7. It’s not just price-off; it’s about product launches.
Deals abound during 11/11, but it’s not purely a sales event. Chris Tung says that Alibaba asks itself, “How do we design a stage to enable products to shine?” Sometimes that’s a literal stage, as in the 11/11 Gala. Other times, though, it involves providing a platform for new product launches. Because of its scale and focus, “11/11 has become the most efficient way to launch new products,” commented Tung.
8. It’s not clearing old stock; it’s about innovation.
Via the Tmall Innovation Center, Alibaba works with brands, supplying data and insights to help create new products and packaging expressly for 11/11. This runs the gamut from the sublime to the ridiculous (to Western eyes and tastes, anyway).
This year saw the launch of Spicy Snickers and a special pack of Oreos that included a spicy chicken wing flavor (seriously).
9. It’s not just tactical; it’s strategic.
The event has achieved such significance that most brands start the planning cycle at least nine months out, with some companies integrating the program into three-year strategic plans. So this is not about engineering last-minute deals; it’s about long-term planning.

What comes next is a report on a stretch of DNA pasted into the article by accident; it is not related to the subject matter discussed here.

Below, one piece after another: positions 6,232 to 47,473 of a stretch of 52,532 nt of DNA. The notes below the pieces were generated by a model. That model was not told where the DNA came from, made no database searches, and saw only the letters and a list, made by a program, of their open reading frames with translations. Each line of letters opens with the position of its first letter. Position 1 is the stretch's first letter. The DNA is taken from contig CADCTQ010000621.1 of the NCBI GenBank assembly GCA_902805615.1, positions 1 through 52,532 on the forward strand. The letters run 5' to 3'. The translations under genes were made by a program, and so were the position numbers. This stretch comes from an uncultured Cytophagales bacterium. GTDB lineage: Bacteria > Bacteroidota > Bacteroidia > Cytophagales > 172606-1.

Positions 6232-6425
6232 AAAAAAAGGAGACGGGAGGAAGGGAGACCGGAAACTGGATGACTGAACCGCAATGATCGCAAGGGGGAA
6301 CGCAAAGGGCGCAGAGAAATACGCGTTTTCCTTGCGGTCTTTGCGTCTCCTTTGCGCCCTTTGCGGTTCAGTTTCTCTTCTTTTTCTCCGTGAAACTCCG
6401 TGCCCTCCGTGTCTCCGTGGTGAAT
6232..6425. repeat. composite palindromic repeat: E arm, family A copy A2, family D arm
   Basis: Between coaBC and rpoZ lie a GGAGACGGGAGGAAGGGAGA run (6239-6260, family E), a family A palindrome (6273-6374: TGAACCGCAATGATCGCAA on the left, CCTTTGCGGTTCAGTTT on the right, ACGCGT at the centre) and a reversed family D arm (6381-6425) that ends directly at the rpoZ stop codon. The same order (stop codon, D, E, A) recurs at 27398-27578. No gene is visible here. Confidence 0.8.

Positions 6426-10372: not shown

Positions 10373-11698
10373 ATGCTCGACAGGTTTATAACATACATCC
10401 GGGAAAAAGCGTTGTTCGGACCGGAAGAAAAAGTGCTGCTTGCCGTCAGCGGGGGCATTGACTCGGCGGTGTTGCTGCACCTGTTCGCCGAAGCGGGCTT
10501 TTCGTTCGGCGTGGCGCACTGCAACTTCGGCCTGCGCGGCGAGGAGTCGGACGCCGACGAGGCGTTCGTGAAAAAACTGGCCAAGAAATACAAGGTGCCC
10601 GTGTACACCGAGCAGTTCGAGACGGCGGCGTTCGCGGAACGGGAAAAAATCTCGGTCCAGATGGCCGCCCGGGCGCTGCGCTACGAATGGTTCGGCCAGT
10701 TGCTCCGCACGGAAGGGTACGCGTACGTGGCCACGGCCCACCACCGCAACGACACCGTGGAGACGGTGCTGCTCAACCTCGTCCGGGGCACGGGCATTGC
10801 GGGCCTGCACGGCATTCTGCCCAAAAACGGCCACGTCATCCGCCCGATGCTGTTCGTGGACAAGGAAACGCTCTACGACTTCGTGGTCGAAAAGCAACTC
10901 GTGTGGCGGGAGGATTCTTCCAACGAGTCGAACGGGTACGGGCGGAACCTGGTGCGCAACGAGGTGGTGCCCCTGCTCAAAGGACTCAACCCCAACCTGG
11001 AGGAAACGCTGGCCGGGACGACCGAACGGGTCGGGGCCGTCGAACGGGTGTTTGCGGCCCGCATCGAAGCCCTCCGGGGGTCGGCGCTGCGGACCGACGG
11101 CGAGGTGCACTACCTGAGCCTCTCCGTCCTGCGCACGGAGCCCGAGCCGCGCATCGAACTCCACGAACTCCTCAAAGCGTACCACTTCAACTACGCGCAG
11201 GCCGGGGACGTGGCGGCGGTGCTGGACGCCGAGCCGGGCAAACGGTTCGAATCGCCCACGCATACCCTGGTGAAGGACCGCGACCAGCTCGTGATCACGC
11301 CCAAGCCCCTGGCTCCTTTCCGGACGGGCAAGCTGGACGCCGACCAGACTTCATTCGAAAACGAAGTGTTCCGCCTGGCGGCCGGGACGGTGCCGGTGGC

10. It’s not just a competition for consumers; it’s an “Olympics for brands” in the digital era.
The image of a typical sale is shoppers fighting to the death over the sales rack. And there are elements of that in 11/11: a scarcity of deals, encouraging consumers to compete and “win.” But on the business side, it’s become a fight to the death for brands to achieve prime placement in 11/11. There are only so many top spots in the event, and companies have to be highly creative and innovative in the constructs and activations they submit to and plan with Alibaba. You don’t want to be left behind because that could affect your entire year’s sales.
11. It’s not only about acquiring sales; it’s also about acquiring data.